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Math Help - Compute an integral

  1. #1
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    Compute an integral

    Find \int_0^1\frac{\ln x}{\sqrt{x-x^2}}\,dx.
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  2. #2
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    Quote Originally Posted by Krizalid View Post
    Find \int_0^1\frac{\ln x}{\sqrt{x-x^2}}\,dx.
    substitute x = \sin^2t to get \int_0^1\frac{\ln x}{\sqrt{x-x^2}}\,dx=4 \int_0^{\frac{\pi}{2}} \ln(\sin t) \ dt = -2\pi \ln 2.
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  3. #3
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    yes, but can you find another way to solve it?
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    Another way? What does (s)he want? Hmm ...

    Let I=\int_0^1\frac{\ln x}{\sqrt{x-x^2}}\mathrm dx and let J=\int_0^1\frac{\ln x}{\sqrt{1-x^2}}\mathrm dx.

    The substitution x=u^2 shows that I=4J.

    The substituion y=1-x shows that I=\int_0^1\frac{\ln (1-x)}{\sqrt{x-x^2}}\mathrm dx and so 2I=\int_0^1\frac{\ln x+\ln(1-x)}{\sqrt{x-x^2}}\mathrm dx=\int_0^1\frac{\ln(x-x^2)}{\sqrt{x-x^2}}\mathrm dx.

    Thus I=\frac12\int_0^1\frac{\ln(x-x^2)}{\sqrt{x-x^2}}\mathrm dx<br />
=\int_0^{1/2}\frac{\ln(x-x^2)}{\sqrt{x-x^2}}\mathrm dx by symmetry.

    Now put u=2\sqrt{x-x^2} so that 1-u^2=(1-2x)^2, 1-2x=\sqrt{1-u^2} for 0\leq x\leq{\textstyle\frac12} and 0\leq u\leq 1, and \mathrm dx=\frac{u\,\mathrm du}{2\sqrt{1-u^2}}.

    Thus I=\int_0^1\frac{\ln (u^2/4)}{u/2}\frac{u\,\mathrm du}{2\sqrt{1-u^2}}=\int_0^1\frac{2\ln u-\ln 4}{\sqrt{1-u^2}}\mathrm du=2J-\ln 4\bigl[\arcsin u\bigr]_0^1={\textstyle\frac12}I-\pi\ln 2.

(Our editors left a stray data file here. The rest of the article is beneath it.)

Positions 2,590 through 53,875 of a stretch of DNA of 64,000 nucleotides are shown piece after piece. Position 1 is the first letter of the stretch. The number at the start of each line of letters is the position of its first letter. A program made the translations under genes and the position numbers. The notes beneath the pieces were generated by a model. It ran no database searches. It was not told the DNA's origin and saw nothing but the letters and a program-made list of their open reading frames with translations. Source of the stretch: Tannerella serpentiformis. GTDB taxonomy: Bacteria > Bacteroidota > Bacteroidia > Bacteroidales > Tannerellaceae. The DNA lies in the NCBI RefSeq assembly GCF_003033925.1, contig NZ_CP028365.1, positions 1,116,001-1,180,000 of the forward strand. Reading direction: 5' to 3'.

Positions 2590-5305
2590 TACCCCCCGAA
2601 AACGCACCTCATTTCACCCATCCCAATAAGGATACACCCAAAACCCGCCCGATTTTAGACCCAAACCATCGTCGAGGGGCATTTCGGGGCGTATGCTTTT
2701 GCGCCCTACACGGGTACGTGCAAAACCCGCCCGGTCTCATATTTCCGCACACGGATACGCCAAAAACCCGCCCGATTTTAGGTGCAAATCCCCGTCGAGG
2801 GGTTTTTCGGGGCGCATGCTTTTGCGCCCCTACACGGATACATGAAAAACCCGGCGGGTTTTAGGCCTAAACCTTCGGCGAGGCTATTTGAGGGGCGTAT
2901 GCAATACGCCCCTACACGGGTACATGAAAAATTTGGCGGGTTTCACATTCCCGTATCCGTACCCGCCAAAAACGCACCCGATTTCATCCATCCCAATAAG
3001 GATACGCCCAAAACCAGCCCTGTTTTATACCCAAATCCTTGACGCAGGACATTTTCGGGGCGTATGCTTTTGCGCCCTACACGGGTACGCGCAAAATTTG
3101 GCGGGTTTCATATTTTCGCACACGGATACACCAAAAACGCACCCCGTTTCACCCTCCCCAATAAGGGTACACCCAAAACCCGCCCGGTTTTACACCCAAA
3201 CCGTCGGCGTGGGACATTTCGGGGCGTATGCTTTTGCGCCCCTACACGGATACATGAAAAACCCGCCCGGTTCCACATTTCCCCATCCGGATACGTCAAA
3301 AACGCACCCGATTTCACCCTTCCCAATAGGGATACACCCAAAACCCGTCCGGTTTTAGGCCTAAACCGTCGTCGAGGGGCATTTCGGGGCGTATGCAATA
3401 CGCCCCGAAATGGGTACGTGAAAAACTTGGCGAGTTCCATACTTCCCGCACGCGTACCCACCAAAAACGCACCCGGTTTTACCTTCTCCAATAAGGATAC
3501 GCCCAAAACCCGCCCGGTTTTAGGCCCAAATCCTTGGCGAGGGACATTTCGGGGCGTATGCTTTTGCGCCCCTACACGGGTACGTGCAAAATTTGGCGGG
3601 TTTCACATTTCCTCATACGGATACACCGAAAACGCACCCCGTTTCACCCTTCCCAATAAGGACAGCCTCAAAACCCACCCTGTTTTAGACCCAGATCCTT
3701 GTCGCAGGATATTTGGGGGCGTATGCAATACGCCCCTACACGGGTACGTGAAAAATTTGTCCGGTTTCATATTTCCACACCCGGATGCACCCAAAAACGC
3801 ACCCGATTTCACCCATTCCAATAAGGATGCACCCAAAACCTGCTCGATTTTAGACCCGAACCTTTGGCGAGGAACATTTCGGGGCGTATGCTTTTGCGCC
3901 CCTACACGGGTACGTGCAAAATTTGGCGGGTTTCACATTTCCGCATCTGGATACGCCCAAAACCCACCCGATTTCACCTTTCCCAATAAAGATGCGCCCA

Thus I=-2\pi\ln 2.

    Wait a moment, this is merely a disguised version of the \int_0^{\pi/2}\ln(\sin x)\,\mathrm dx method. It's no better than NonCommAlg's rejected solution.

    (Thinks: Perhaps I should have used an infinite series, or some kind of limit, or introduced a parameter, or ... (Mind boggles at this point))

    An answer that is not really an answer? This is trickier than it looks.

    Hmm ...
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  5. #5
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    Quote Originally Posted by halbard View Post

    Wait a moment, this is merely a disguised version of the \int_0^{\pi/2}\ln(\sin x)\,\mathrm dx method. It's no better than NonCommAlg's rejected solution.
    I never rejected NCA's solution, it's just that the integral is quite trivial by using the fact you stated.

    It's a well-known fact and easy to prove, so that's why he left details omitted.

    I have another solution, I'll post it later, but I like yours.
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  6. #6
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    What about this ?

     \int_0^1 \frac{\ln(x)}{\sqrt{x-x^2}}~dx

     = \lim_{a\to0} \frac{1}{a} [ \int_0^1 \frac{x^a-1}{\sqrt{x-x^2}}~dx ]


     = \lim_{a\to0} \frac{1}{a} \sqrt{\pi} [ \frac{ \Gamma(a + \frac{1}{2})}{\Gamma(a + 1) } - \sqrt{\pi} ]

    From the Lengre's Identity

     = \lim_{a\to0} \frac{1}{a} \sqrt{\pi} [ \frac{\sqrt{\pi} \Gamma(2a) 2^{-2a+1}}{ \Gamma(a) \Gamma(a + 1) } - \sqrt{\pi} ]

     = \pi \lim_{a\to0} \frac{1}{a}[ 2^{-2a+1} / 2 - 1]

     = \pi \lim_{a\to0} \frac{1}{a}[ 2^{-2a} - 1]

     = \pi \ln(2) (-2) = - 2 \pi \ln(2)


    I think it is the best method by substituting  x = \sin^2{\theta} ..
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